Mobile Computing (MC) Volume 3, 2014
Enhanced PF Scheduling Algorithm for LTE Downlink System Mohamad I. Elhadad1, El-Sayed M. El-Rabaie2, Mohammed Abd-Elnaby3 Department of Electronics and Electrical Communications, Faculty of Electronic Engineering, Menoufia University, Menouf, 32952, Egypt. firstname.lastname@example.org; email@example.com; firstname.lastname@example.org.
et al. (2009)].
A key feature of Long Term Evolution (LTE) system is the adoption of advanced Radio Resource Management (RRM) procedures in order to increase the system performance. Packet scheduling mechanisms play a fundamental role, because they are responsible for choosing how to distribute radio resources among different stations. In this paper, a modified Proportional Fair (PF) scheduling algorithm is proposed for capacity enhancement for LTE system and compared with the PF downlink scheduler, which is characterized by high fairness but with low spectral efficiency. Simulation results show that the proposed algorithm enhances the overall system capacity and also provides fairness in the distribution of the resources. The proposed algorithm improves the average cell throughput by more than 10.3%, with approximately the same fairness level (2.6% reduction) as compared with the conventional PF scheduling algorithm.
Basic LTE network elements consist of a powerful evolved Node B (eNB) station and several User Equipments (UEs) in addition to a gateway. Basic packet scheduling is implemented by the network operator in UE and eNB station for both uplink as well as downlink. However, there are no rigid specifications set by 3GPP for scheduling mechanism leaving the details at the discretion of service provider. Packet scheduling comes under RRM and its main functionality is to decide users that would transmit their data on the air interface. The scheduling should integrate fairness in terms of throughput as well as the service policies to which users subscribe [Hara & Prasad (2003), Furht et al. (2009), Holma & Toskala (2009), Ergen (2009)].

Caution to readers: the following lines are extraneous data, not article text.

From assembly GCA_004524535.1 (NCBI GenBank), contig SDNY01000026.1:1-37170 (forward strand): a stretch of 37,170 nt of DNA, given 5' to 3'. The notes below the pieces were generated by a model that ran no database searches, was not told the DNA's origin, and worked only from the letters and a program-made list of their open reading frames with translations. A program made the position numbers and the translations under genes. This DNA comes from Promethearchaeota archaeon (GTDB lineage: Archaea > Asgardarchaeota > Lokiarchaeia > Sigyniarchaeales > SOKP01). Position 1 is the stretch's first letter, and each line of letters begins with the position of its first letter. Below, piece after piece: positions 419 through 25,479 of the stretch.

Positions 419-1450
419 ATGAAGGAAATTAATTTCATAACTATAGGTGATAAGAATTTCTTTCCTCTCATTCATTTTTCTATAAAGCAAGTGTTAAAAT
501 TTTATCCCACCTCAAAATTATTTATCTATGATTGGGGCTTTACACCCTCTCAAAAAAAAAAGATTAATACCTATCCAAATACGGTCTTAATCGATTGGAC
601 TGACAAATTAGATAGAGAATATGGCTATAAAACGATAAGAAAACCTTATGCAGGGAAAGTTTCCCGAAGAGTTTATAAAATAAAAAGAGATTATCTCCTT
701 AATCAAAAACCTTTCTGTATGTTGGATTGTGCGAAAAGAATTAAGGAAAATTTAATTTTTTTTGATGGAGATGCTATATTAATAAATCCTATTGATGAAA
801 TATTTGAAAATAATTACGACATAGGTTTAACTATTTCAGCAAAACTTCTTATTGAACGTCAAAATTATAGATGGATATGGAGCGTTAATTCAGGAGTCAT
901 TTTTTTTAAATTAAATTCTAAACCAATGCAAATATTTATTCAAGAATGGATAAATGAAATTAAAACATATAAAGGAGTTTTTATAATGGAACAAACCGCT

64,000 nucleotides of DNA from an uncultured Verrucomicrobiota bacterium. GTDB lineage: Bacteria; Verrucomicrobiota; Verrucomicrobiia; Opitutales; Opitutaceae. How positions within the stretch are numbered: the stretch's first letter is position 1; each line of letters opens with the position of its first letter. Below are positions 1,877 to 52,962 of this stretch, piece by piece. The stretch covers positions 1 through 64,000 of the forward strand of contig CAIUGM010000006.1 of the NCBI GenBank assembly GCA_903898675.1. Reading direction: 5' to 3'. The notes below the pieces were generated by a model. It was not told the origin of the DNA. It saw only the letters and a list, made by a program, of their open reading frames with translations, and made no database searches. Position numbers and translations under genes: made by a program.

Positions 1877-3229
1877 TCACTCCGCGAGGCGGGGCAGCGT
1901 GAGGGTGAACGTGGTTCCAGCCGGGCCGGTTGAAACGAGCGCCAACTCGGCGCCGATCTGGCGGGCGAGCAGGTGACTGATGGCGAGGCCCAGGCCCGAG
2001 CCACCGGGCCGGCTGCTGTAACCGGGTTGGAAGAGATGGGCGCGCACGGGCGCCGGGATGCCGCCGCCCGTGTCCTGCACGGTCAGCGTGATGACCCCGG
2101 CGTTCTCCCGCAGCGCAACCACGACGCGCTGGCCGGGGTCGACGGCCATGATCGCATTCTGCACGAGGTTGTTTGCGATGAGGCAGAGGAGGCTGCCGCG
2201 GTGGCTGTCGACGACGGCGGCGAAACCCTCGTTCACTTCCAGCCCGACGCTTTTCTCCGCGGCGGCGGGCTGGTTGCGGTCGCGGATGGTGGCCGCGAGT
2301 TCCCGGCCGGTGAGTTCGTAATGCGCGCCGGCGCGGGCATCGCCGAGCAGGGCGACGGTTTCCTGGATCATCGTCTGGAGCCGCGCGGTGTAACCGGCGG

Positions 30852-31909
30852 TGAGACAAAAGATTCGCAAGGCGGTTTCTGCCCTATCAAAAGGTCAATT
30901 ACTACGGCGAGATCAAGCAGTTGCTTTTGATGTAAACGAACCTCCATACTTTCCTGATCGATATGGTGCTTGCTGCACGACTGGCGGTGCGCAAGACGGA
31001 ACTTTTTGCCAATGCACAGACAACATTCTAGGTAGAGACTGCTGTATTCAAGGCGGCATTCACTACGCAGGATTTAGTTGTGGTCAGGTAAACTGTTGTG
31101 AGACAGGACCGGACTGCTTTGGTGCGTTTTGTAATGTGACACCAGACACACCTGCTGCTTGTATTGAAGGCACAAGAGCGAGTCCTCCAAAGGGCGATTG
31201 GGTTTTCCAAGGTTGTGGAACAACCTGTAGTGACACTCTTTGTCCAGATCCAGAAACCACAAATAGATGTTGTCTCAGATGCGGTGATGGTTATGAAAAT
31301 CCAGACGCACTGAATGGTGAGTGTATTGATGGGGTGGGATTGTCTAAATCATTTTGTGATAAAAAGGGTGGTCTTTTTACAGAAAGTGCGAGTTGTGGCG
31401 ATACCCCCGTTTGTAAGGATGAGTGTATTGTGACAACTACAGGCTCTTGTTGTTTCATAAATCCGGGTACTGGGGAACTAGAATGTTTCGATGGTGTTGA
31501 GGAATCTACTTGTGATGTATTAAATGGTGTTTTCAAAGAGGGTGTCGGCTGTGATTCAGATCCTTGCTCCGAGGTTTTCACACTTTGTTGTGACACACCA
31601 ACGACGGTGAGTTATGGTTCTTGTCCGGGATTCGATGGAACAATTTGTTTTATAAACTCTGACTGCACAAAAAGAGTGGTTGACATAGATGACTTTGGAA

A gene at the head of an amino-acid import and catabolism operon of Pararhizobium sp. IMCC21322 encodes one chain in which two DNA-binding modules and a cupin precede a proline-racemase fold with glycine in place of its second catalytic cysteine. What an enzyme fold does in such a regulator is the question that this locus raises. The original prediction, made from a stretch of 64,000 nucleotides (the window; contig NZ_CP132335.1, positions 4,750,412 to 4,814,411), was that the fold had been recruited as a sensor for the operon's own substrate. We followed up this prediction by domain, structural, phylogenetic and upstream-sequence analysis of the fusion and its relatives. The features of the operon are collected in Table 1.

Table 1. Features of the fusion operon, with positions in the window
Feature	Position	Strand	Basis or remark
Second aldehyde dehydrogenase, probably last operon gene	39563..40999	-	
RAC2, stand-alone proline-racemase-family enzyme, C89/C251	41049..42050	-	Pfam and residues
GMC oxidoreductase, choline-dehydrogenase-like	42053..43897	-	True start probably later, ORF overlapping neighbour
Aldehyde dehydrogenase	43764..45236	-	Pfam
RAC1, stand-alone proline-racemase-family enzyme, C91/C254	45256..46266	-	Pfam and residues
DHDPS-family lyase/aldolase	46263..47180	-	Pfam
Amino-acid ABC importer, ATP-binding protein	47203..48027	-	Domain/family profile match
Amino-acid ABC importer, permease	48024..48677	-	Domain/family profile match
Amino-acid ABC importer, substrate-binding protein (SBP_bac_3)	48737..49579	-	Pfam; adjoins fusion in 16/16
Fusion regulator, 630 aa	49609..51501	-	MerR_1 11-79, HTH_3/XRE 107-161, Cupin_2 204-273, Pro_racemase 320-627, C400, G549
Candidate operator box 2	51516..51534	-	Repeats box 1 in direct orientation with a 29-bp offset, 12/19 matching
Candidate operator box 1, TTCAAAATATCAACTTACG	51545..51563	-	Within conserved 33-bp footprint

Keywords LTE; Packet Scheduling; Fairness; RRM
Introduction The LTE standardized by Third Generation Partnership Project (3GPP) [3GPP (2012)] has become the most important radio access technique for providing mobile broadband to the mass market. The introduction of LTE will bring significant enhancements compared to High Speed Packet Access (HSPA) in terms of spectrum efficiency, peak data rate and latency. Since the initial release in 2008, a slightly modified version (Release-9) and a complete fourth generation standard named LTE-Advanced (Release10) have been developed [Chadchan & Akki (2010)]. LTE uses Orthogonal Frequency Division Multiple Access (OFDMA) in the downlink. OFDMA divides the frequency band into a group of mutually orthogonal subcarriers, thereby improving the system capabilities by providing high data rates, supporting multi-user diversity and creating resistance to frequency selective fading of radio channels [Ali & Zeeshan (2012), Talevski & Gavrilovska (2012), Larmo
The design of a downlink scheduling algorithm is a complex procedure and presents a number of design challenges, such as maximization of the system capacity and spectral efficiency, fairness approach, bit error performances and etc. [Tran & Eltawil (2012)]. Several algorithms have been proposed in literature to provide higher spectral efficiency with fairness ensured to all its users, the scheduling algorithm in [Schwarz et al. (2011)], for example, tries to make this balance using Assignment Model, which effectively maps UEs to RBs during each TTI. The proposed algorithm in [Schwarz et al. (2011)] makes modification on the best-Channel Quality Indicator (best-CQI) algorithm, which is characterized by high data rates at cell level but poor fairness, trying to provide fairness in the distribution of the resources, while at the same time keeping the system capacity utilization as high as possible. In [Chadchan & Akki (2013)], the authors proposed a method for multi-user scheduling that operates on the boundary of the achievable multiuser rate region while guaranteeing a desired long term average fairness. Another scheduling algorithm based on the utility function has been implemented in [Kela et al.